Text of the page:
We're too busy. Exhausted from the day. Turning on TVs and Playstations for a moments peace and quiet. Driving kids to this lesson or that. Over-scheduling to the point that we're not at home anymore. It takes me weeks and several calendar adjustments to arrange a playdate in the park. It shouldn't be that hard. We need to cut back on the scheduled activities, and put the time back into our families and our communities. We need to cut down on the TV and video games and get our butts outdoors. Populate our communities again, so that they once again become the safe, neighbourly places that they used to be. So that there are always kids to play with when you go to the park. So that hooking up for a coffee date only takes a single phone call. So that no one has to feel alone again.

What does this have to do with BlogHers Act Canada, you say? Well, if a neighbour - someone you thought of as a friend - was hungry, would you not bring them food? If they were sick, would you not offer help? If they were a single parent, would you not offer to babysit to give them a bit of a break? It is my assertion that if we start thinking of the people in this world as our neighbours, as part of our world, then the big issues - the ones we are proposing to act on - might not be as widespread. Maybe eventually, they would even cease to be issues. And the only way to do this, to truly make a change from the bottom up, is to start with ourselves. I know I'm naive. You might even say I was sappy, or Pollyanna-ish. I don't care. It's how I choose to see the world. And I'm going to start making the world better by starting with myself, my family and my community. I'm going to be the change. Won't you help me?

14 comments:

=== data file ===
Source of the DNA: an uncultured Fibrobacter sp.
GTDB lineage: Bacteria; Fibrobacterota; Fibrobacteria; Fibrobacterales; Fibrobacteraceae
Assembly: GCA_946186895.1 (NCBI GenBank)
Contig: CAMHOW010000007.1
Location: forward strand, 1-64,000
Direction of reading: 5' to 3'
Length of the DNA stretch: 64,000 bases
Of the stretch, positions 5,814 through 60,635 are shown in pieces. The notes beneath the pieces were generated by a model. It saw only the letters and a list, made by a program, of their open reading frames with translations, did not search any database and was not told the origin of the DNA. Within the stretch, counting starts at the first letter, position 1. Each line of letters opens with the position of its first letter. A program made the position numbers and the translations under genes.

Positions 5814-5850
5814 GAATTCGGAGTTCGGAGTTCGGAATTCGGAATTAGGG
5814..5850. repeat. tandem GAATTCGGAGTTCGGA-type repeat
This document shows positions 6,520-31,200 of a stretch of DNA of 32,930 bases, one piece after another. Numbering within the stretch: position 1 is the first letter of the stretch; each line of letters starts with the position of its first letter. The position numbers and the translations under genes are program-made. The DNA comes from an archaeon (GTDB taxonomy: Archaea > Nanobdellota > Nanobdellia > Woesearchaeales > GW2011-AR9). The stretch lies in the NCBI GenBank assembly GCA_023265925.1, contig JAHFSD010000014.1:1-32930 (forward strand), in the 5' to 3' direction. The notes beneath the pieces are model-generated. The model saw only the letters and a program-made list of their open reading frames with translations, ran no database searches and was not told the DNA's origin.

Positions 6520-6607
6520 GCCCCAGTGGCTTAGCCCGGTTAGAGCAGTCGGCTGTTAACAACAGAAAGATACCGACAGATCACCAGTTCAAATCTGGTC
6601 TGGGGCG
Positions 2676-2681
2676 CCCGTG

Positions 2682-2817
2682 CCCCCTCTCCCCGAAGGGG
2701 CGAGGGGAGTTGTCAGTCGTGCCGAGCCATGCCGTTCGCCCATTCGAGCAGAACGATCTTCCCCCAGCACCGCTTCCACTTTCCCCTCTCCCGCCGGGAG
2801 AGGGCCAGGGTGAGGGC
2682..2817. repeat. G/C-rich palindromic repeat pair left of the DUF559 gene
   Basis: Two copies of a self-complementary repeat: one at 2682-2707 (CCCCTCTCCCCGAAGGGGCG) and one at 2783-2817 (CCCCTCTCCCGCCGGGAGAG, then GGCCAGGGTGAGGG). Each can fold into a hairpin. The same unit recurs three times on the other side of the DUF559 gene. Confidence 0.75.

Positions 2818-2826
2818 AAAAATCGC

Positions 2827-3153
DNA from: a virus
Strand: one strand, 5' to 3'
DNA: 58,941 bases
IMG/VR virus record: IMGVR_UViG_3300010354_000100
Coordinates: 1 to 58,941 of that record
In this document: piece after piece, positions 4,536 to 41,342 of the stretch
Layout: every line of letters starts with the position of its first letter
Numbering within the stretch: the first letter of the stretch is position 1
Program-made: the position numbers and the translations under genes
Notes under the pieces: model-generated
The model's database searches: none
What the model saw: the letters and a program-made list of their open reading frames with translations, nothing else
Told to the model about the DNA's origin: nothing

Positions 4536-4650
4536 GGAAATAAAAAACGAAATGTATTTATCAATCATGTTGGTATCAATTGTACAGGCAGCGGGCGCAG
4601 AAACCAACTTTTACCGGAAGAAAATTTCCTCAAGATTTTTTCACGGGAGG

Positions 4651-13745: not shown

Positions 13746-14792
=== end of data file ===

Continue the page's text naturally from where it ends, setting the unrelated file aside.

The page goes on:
Gabriella said...

So true so true. Very inspirational. I think I'll be trying to follow this as well.

bubandpie said...

I just voted!

Beck said...

Beautiful post!
Childcare IS an important issue. I'm going to go over and see as soon as I'm done replying.

kittenpie said...

I'm the same girl - alone with my child because I don't know how to start talking to someone I don't know. Good thing I like my girl...

We have one neighbour child who we do have a lot of spontaneous outdoor playtimes with, random dinners on the spur of the moment, that kind of thing, and it is awfully nice.

Kyla said...

This was great. I totally agree.

painted maypole said...

Lovely post. And yes, if we saw every needy person as our neighbor, I do think we'd be much more likely to help. No longer us vs. them, but WE. And I love that Ghandi quote.

Have you read Jen's post today at oneplustwo? along the same lines...

jen said...

oh, yes. this is lovely.

peace begins with one. change begins with us.

it is possible.

thailandchani said...

You are fundamentally correct. That is where it begins. We can all have lofty dreams but the way we act as neighbors is the foundation.


Peace,

~Chani

Mimi said...

Ahhhh. I'm totally with you on the community issue. Doing it alone is hard and usually counterproductive and always lonely.

Going over to vote now ...

kgirl said...

word up, sistah.

Christine said...

you are NOt naive or sappy. you are just perfect!

i loved this post, i really did. and i am like you--ready to jump in and help but shy of leading the way. but you know what? this post proved that you ARE leading the way.. bravo!

mamatulip said...

Excellent post. :)

Susanne said...

Well, definitely. Because that's what I believe as well.

My problem with the Just Posts is always that everything I care and write about is distinctly personal and so often I can't seem to show the social side to it.

And I love the Gandhi quote.

ewe are here said...

Stellar post.

'It takes a village' may sound corny, but it's the absolute truth in so many ways...